• Though most power wheelchairs will come with a battery, replacements will be required and can cost between $70 and $450 depending upon the type of wheelchair.
  • A simple wheelchair cushion made of foam costs about $7 while a neoprene rubber wheelchair cushion designed to limit pressure point tenderness can cost more than $500.
Discounts:
  • Several national and regional programs offer low-income families free or reduced-cost wheelchairs, including LifeNets[6] and Chariots of Hope[7] . Eligibility varies.
  • Some local and regional associations also provide assistance to individuals who require a wheelchair due to a specific illness or accident. For example, the Muscular Dystrophy Association[8] and local chapters of the National Spinal Cord Injury Association[9] provide help for qualifying families and individuals.
  • Purchasing a used wheelchair can help defray the costs. According to the National Multiple Sclerosis Society[10] , used wheelchairs often cost half of the original price. Get a used wheelchair checked out by a certified dealer and ask a physical therapist to make sure the equipment will fit the patient's needs and body type. Insurance companies typically do not cover used medical equipment.
  • The cost of a wheelchair may be tax deductible if the individual has a physician's letter outlining the need.
Shopping for a wheelchair:
  • Talk to the doctor or physical therapist about the individual's needs. Ask if he or she recommends any specific brands or types of chair.
  • The University of Iowa provides a checklist of questions for individuals considering wheelchair purchase.
  • The University of Washington[11] recommends making several visits to a medical supply store, shopping online and even talking to other wheelchair users before making a purchase.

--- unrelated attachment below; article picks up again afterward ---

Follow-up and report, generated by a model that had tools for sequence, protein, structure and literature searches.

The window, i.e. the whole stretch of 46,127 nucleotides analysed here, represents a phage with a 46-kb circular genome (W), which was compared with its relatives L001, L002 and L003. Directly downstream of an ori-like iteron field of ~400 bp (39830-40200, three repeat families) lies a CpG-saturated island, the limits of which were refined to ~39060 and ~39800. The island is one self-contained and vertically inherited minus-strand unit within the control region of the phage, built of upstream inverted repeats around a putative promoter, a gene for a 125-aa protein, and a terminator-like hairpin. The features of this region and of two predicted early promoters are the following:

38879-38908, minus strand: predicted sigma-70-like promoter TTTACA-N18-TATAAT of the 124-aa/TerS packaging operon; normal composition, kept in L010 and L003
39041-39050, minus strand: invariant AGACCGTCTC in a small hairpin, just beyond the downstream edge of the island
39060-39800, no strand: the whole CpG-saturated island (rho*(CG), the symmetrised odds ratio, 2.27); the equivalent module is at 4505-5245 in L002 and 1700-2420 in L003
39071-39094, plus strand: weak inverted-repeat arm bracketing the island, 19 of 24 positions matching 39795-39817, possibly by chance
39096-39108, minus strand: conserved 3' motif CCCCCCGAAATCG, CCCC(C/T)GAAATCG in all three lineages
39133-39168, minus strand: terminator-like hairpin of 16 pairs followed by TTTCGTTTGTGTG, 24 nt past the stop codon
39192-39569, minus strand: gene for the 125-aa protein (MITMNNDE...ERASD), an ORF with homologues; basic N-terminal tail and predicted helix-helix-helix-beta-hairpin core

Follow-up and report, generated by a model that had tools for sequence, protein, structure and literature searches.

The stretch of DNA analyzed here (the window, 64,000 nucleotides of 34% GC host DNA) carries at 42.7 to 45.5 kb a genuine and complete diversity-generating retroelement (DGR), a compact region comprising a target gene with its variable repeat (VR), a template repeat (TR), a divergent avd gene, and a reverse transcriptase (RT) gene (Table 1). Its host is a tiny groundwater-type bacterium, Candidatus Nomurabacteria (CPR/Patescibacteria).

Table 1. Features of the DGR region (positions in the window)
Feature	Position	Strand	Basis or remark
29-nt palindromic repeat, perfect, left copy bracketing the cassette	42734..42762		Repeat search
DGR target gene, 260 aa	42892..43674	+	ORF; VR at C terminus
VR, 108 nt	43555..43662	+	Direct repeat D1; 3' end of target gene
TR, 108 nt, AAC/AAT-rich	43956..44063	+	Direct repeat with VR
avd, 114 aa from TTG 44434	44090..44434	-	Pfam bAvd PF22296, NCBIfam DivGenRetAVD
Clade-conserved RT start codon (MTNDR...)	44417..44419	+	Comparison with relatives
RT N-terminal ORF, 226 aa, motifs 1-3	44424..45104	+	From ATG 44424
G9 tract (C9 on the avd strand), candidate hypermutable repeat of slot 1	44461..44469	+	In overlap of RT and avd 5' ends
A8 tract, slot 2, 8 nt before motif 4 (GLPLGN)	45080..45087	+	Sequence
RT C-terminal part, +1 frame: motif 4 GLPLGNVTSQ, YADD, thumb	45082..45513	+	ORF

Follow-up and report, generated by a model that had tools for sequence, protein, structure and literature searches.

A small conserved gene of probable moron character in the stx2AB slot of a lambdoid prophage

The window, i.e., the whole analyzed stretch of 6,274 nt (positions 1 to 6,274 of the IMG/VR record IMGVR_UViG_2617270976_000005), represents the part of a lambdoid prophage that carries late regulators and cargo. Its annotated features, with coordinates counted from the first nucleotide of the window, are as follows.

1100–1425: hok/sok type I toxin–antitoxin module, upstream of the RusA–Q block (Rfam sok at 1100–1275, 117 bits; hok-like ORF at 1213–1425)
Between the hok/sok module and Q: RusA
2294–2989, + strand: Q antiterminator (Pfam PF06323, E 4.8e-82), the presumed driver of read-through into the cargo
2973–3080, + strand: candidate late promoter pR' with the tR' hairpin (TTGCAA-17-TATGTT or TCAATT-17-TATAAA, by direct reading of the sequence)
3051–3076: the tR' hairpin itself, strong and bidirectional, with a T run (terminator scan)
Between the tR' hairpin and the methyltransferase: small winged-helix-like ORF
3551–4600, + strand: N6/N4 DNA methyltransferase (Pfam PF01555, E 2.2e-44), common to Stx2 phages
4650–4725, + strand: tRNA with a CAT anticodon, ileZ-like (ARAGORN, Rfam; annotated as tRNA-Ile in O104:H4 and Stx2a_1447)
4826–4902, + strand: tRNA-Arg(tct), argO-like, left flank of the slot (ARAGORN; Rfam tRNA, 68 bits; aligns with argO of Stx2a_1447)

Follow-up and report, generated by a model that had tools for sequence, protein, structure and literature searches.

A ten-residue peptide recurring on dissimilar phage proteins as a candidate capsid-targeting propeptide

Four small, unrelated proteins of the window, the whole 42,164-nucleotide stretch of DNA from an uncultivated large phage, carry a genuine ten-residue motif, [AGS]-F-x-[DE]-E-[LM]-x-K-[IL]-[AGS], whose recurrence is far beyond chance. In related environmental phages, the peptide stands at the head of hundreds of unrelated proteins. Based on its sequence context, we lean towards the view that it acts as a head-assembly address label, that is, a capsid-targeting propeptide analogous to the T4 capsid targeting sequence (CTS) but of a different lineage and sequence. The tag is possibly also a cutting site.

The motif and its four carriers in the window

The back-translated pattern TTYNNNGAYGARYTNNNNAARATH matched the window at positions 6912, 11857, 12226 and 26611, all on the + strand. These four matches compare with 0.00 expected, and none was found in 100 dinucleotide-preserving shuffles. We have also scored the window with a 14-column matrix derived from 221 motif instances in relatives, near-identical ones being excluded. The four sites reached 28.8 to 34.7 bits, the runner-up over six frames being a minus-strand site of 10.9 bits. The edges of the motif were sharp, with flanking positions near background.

• Some online retailers such as Spin Life.com[12] offer competitive prices and telephone advice regarding the many options.
  • Before making a purchase, check with an insurance representative about coverage options. Most insurance companies will cover between 50 and 80 percent of the cost, but only if the insurance guidelines are followed.
Material on this page is for informational purposes only and should not be construed as medical advice. Always consult your physician or pharmacist regarding medications or medical procedures.
 
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External Resources:
  1.  pweb1.rwjf.org/reports/grr/029269s.htm
  2.  www.spinlife.com/Invacare-Top-End-Crossfire-All-Terrain-Rigid-Wheelchair/spec.cfm?produ...
  3.  www.ncbi.nlm.nih.gov/pubmed/15083438?ordinalpos=2&itool=EntrezSystem2.PEntrez.Pubmed.Pu...
  4.  www.usatechguide.org/itemreview.php?itemid=1266
  5.  www.mobility-advisor.com/electric-wheelchair.html
  6.  www.lifenets.org/wheelchair/
  7.  www.chariotsofhope.org/
  8.  static.mda.org/publications/quest/q84wheelchair.html
  9.  www.spinalcord.org/chapters/
  10.  www.nationalmssociety.org/living-with-multiple-sclerosis/mobility-and-accessibility/aff...
  11.  sci.washington.edu/info/newsletters/articles/03sum_wheelchair.asp
  12.  www.spinlife.com/